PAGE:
Use of an intraoral camera to obtain 3-dimensional digital scans for both the implant and soft tissue affords the clinician an opportunity to record the implant platform with the aid of a standardized implant scanbody and mucosal architecture chairside with precise details. These STL files are incorporated in the CAD/CAM system for milling the CEREC crowns, which can be provided to the patient in the same office visit.9 For a predictable esthetic outcome of the emergence profile, digital impressions provide a fast and simple approach to capture the hard- and soft-tissue details and plays a pivotal role in a full digital workflow.10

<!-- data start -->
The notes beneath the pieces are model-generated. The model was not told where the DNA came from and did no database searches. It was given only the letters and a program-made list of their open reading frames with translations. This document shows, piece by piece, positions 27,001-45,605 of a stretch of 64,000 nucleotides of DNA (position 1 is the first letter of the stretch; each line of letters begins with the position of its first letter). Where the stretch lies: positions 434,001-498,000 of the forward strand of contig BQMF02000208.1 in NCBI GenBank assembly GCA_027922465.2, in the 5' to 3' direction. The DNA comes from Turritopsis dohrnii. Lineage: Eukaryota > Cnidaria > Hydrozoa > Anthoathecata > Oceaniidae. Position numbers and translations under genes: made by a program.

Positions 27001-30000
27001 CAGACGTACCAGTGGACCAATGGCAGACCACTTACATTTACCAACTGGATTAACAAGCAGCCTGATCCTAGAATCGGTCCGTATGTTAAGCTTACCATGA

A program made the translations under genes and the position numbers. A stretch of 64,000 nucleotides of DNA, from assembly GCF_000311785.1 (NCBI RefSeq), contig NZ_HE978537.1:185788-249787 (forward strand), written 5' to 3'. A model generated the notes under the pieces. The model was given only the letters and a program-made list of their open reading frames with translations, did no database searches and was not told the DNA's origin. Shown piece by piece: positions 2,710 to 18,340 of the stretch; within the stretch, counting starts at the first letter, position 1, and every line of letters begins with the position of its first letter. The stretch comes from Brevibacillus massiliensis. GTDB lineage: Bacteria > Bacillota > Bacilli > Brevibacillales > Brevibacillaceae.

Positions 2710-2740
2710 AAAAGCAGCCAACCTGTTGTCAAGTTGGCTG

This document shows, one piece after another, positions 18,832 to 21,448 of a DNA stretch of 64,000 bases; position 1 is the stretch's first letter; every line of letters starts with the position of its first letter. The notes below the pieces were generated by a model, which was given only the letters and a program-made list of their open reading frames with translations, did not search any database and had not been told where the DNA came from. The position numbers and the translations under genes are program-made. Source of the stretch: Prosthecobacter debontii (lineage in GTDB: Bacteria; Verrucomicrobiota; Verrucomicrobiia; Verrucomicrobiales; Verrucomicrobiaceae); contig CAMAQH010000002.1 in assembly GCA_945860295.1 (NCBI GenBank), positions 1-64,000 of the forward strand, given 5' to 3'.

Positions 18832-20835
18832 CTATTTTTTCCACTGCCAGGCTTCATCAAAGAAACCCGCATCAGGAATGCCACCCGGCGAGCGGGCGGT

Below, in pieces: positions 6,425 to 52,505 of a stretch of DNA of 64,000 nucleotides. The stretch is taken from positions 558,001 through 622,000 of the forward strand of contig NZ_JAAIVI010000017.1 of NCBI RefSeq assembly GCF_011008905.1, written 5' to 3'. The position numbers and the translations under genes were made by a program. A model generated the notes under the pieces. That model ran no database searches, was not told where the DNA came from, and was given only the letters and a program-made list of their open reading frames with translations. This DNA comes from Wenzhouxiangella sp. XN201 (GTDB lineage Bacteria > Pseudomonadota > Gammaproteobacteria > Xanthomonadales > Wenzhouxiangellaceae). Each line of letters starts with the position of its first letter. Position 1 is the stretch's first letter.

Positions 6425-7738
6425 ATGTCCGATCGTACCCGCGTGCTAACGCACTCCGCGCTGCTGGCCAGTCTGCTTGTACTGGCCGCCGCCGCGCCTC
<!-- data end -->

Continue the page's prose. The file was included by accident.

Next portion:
There are various biomaterial options for successfully restoring an implant, including full-contour zirconia, full-contour glass-ceramic (eg, e.max®, Ivoclar Vivadent), a zirconia abutment with a machined ceramic crown, or porcelain-fused-to-metal. For this case the authors used a CAD/CAM-milled ENAMIC crown to restore the implant for several reasons. Besides being the only alternative to glass-ceramic currently approved for full-contour restorations, this material does not require post-machining processing other than polishing, which helps significantly decrease delivery time. Also, it may be easily adjusted as needed to further improve the proper emergence profile and tissue contours. ENAMIC is a polymer-infiltrated-ceramic-network (PICN) that offers outstanding esthetics and mechanical properties that closely resemble the natural dentition, including excellent fracture resistance.11,12 This interpenetrating phase ceramic matrix material is designed to improve resistance to fracture and decrease stress transmitted to the implant. Its interconnected network of ceramic and polymer creates an infrastructure aimed at ensuring adequate stiffness and resistance and preventing crack propagations. The material has a response to stress that is similar to tooth enamel, and its high fracture toughness is due to a crack deflection mechanism related to the interconnected structure.13